From: Dictionary of American Fighting Ships
A former name retained.
(Tr: t. 500; l. 135'; b. 22'; dr. 14.5'; s. 10 k.; cl. Castle)
George Clarke, a British trawler chartered by the U.S. Navy in the spring of 1919 to help clear the North Sea of mines, was taken over at Grimsley [sic; Grimsby] Naval Base, and commissioned 15 May 1919, Lt. (j.g.) E. V. Wilder in command.
George Clarke was assigned to the Minesweeping Detachment, U.S. Naval Forces in Europe, and departed Kirkwall, Scotland, 7 July 1919 to begin the dangerous and arduous task of taking up the mine barrage. On 11 July George Clarke had a close call when an exploding mine damaged her sweep. The next day, shortly before sunset, she was some 400 yards from Richard Bulkeley [or Buckley], when a mine explosion ripped a hole in that ill-fated trawler. George Clarke steamed to the rescue but was still over 100 yards away when the stricken ship went down. George Clarke picked 12 survivors and returned to Kirkwall.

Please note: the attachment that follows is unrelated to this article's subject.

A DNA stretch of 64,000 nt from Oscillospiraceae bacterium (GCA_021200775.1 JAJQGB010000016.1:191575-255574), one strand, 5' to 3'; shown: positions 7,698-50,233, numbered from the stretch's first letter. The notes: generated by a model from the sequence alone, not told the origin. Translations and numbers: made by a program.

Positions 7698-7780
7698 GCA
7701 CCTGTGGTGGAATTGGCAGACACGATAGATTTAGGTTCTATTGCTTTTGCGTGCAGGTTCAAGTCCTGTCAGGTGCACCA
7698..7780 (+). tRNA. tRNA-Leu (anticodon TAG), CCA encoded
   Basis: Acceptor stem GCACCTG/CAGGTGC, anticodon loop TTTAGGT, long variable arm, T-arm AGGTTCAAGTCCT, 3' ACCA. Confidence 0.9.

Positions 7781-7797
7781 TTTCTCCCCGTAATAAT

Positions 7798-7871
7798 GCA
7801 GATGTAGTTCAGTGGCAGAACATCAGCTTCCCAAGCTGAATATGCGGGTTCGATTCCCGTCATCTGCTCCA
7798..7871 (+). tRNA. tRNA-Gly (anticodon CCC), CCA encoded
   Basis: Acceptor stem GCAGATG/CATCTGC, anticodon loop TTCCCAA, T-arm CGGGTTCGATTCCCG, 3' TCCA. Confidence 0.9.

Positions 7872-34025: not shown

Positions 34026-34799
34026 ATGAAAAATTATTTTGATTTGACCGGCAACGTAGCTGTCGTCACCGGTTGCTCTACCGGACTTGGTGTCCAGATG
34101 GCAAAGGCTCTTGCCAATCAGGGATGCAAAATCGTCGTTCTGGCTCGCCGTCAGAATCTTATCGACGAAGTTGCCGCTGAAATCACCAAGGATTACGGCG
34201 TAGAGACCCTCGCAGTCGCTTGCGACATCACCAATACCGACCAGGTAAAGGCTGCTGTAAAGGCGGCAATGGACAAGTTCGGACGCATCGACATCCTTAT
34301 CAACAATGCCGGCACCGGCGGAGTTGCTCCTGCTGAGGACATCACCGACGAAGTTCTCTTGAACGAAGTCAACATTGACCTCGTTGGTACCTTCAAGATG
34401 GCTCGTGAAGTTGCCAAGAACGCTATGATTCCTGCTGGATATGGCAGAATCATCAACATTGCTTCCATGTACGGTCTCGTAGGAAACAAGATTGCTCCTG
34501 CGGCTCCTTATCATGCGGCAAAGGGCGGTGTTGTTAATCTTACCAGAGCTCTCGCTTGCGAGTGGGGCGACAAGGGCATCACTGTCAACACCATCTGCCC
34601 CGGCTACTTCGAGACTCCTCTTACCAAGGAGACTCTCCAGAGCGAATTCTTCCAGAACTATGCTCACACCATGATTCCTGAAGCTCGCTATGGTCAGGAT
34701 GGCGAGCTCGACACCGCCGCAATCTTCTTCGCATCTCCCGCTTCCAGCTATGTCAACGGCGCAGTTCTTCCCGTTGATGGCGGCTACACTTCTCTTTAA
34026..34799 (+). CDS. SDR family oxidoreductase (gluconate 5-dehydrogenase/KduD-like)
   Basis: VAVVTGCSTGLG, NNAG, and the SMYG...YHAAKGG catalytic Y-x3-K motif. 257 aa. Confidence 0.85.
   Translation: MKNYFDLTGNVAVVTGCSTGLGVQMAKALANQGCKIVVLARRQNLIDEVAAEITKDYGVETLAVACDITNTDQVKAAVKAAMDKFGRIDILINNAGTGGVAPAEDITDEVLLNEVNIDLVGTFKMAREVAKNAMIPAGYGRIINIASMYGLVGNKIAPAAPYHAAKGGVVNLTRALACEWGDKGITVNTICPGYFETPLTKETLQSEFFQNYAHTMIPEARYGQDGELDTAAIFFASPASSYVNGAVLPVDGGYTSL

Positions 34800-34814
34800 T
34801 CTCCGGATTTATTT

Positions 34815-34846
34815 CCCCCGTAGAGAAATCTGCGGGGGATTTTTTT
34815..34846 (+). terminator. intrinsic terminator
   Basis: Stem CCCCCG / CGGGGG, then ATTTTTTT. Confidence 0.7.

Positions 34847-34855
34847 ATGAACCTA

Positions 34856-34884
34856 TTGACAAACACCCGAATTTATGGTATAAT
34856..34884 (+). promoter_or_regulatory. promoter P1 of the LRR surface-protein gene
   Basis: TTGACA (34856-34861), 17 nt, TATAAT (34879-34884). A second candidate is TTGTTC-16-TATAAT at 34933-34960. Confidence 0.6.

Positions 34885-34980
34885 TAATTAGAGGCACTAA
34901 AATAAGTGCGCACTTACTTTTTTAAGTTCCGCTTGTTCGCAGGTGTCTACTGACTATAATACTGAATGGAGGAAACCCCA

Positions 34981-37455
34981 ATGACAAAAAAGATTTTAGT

The next day at a conference on board George Clarke, Rear Admiral Strauss decided that the trawlers were not strong enough to withstand the shock of mine explosions close aboard. Most of the trawlers were, therefore, detached from minesweeping duty. George Clarke was sent to Brighton, England, where she was decommissioned and was returned to the Admiralty 11 August.
Transcribed by Yves HUBERT (email@example.com)